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Blood pressure news
Watch out for salt in your pasta sauce
Consumers are being warned to watch out for salt in pasta sauces, particularly celebrity and branded products, after research revealed that they can contain up to 25 per cent more than other varieties.
Consensus Action on Salt and Health (CASH), the Blood Pressure Association's sister charity, surveyed 190 jars, pots and packets of pasta sauces, including those by celebrity chefs. Branded and supermarket own-label products from Tesco, Sainsbury, Asda, Morrison’s, Waitrose, Marks & Spencer, Somerfield and the Co-op were included.
Ten packets of crisps
Combined, the branded sauces, including Dolmio, Ragu, Jamie Oliver and Loyd Grossman averaged at 1.17g of salt per 100g, while supermarket own-label products combined averaged at around 0.86g of salt per 100g, 25% less than the branded products. One of Jamie Oliver's sauces contained salt equivalent to ten packets of ready-salted crisps.
Researchers also said comparing similar sauces by portion size was difficult as different products had differing suggested portion sizes.
“Pasta with sauce is a quick and simple meal for many of us,” said Katharine Jenner, Nutritionist and CASH Campaign Manager. “But this shows it can be incredibly hard to choose a healthy option. 22 of the 190 products we looked at do not meet the 2010 Food Standards Agency targets for salt content . We urge manufacturers to reduce their salt content and improve their labelling immediately.”
Hannah Brinsden, who carried out the research, said: “In general, sauces containing ingredients such as olives and bacon tend to be saltiest, whereas sauces with chilli or basil tend to be lower in salt. Better still, many of the sauces we looked at can be made easily and more cheaply at home, with a far lower level of salt."
“Salt puts up our blood pressure, which is the major risk factor for strokes, heart failure and heart disease, the leading causes of death and disability in the UK,” says Professor Graham MacGregor, Chairman of CASH and the BPA. “It is shocking to see so many products still so poorly labelled and high in salt. However, many brands, in particular supermarket own brands, have far less salt, proving that it is not necessary to add loads of salt to make a tasty product. Reducing the amount of salt we eat will reduceour risk of suffering a stroke or a heart attack.”
What they found:
These had the largest salt content. The highest salt product was Jamie Oliver’s Spicy Olive and Garlic sauce with 3.0g of salt per 100g. Per half a 350g jar this works out as 5.3g (as stated on pack), which is nearly all (88%) of an adult’s recommended limit of 6g of salt per day in one serving, and the same salt content as over ten packets of ready-salted crisps. Weight Watchers’ Roasted Garlic pasta sauce contains just 0.1g of salt per 100g, a thirtieth of the Jamie Oliver sauce’s salt level.
The highest salt supermarket own brand sauce was Sainsbury’s Puttanesca Pasta Sauce, which contains 2.0g of salt per 100g. The Co-operative Tomato & Olive Pasta Sauce contains 0.7g of salt per 100g, over four times lower than the Jamie Oliver sauce and almost three times lower than the Sainsbury’s sauce.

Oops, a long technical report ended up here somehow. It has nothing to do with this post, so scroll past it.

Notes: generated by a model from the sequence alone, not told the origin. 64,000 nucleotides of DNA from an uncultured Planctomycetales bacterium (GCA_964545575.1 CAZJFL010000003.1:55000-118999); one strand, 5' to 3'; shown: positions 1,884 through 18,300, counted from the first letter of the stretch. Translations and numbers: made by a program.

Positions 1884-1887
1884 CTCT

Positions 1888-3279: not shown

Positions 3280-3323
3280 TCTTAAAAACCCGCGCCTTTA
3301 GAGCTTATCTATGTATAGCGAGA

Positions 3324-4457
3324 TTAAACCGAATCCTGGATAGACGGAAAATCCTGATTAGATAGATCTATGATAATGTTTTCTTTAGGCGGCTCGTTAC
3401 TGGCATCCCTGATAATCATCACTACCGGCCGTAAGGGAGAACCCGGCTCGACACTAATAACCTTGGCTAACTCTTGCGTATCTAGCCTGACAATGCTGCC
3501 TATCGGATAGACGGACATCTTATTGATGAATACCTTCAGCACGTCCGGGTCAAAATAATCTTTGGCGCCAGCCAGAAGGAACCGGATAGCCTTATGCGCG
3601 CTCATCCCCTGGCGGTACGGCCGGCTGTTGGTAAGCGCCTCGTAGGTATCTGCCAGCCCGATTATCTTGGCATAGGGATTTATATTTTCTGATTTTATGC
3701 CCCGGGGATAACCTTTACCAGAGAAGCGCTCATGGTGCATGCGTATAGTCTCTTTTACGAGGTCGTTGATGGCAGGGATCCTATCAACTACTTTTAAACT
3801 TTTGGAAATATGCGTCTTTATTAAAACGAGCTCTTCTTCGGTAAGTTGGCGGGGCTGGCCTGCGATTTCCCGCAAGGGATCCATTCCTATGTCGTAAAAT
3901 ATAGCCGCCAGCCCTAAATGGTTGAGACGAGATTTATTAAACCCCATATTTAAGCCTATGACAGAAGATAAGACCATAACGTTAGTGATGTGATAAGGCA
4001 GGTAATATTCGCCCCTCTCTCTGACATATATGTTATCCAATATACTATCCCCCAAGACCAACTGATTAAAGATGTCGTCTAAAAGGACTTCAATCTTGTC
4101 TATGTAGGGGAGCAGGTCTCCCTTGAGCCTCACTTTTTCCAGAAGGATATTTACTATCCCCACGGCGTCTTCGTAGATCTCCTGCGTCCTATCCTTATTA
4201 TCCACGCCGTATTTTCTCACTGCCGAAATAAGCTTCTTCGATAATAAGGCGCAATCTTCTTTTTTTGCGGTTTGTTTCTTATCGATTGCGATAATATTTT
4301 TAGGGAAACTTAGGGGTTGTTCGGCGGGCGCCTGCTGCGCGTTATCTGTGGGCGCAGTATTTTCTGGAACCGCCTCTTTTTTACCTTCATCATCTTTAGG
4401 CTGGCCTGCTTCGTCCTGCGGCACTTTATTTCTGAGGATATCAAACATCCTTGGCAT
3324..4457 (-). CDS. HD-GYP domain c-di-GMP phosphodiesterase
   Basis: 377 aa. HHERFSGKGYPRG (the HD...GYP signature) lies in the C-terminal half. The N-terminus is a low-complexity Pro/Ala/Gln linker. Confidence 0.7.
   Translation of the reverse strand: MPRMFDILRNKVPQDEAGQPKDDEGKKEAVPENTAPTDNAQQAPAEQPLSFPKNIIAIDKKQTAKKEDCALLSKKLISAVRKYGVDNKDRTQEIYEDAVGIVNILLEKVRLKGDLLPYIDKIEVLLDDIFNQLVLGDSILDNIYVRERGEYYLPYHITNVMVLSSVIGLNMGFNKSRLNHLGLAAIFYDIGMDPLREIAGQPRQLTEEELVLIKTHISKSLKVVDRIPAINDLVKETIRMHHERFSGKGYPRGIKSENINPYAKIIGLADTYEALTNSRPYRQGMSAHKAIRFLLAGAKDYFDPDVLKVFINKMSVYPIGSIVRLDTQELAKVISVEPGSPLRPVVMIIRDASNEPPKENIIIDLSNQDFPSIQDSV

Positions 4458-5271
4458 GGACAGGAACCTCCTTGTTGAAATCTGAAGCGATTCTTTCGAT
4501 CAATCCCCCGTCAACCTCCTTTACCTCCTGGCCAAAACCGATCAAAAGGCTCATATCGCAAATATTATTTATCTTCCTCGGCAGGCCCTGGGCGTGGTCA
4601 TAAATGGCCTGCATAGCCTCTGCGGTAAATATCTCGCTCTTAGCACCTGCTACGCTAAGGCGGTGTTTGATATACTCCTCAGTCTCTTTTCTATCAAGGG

Huge variations were found in other sauces with similar ingredients, for example Loyd Grossman’s Bolognese sauce contains 1.5g of salt per 100g whilst ASDA’s Good For You Bolognese was found to contain just 0.3g of salt per 100g, a fifth of the salt content of the Lloyd Grossman version.
Huge variation was also found in stir-through sauces, which are thicker and more concentrated than standard pasta sauces so have smaller serving sizes. The highest salt stir-through in this survey was Sacla’s Spicy Tomato & Pepper stir-through which contains 2.0g of salt per 100g, while the lowest product was Sacla’s Oven Roasted Tomato & Rocket Stir-through, which contains 1.0g/100g, half the amount of the other Sacla product.
Looking at carbonara sauces, Dolmio Express Creamy Carbonara Microwaveable sauce contains 1.5g of salt per 100g, while Morrisons Eat Smart Carbonara Pasta Sauce contains a fifth of this level – 0.3g of salt per 100g.
Though pesto sauce is eaten in smaller quantities, the survey found it can still contain a lot of salt. The lowest salt green pesto found was Marks & Spencers’ Pesto Alla Genovese at 1.0g per 100g. Sainsbury's Taste the Difference Pesto Alla Genovese was the highest salt green pesto in the survey at 3.2g of salt per 100g. Weight for weight, say CASH, this is saltier than seawater . Researchers said most of the green pesto sauces surveyed would have to carry a red label for their salt content under a ‘traffic light’ labelling system, indicating that they contain more than 1.5g of salt per 100g.
Lowest salt sauces
Weight Watchers had the two lowest salt products found in the survey: Weight Watchers’ Roasted Garlic pasta sauce (0.1g salt per 100g) and Weight Watchers’ Napoletana, (0.15g salt per 100g). Supermarkets also produce several own-label products under 0.3g of salt per100g, which would be classified as ‘green’ under the traffic light labelling system.
For more details, including a full list of the sauces surveyed and low-salt pasta sauce recipes you can make at home, visit www.actiononsalt.org.uk
 The 2010 FSA target for pasta sauce is 1.1g of salt per 100g. The target for pesto and other thick sauces is 3.0g of salt per 100g.
 Atlantic seawater contains 1.0g of sodium per 100g, which equates to 2.5g of salt per 100g.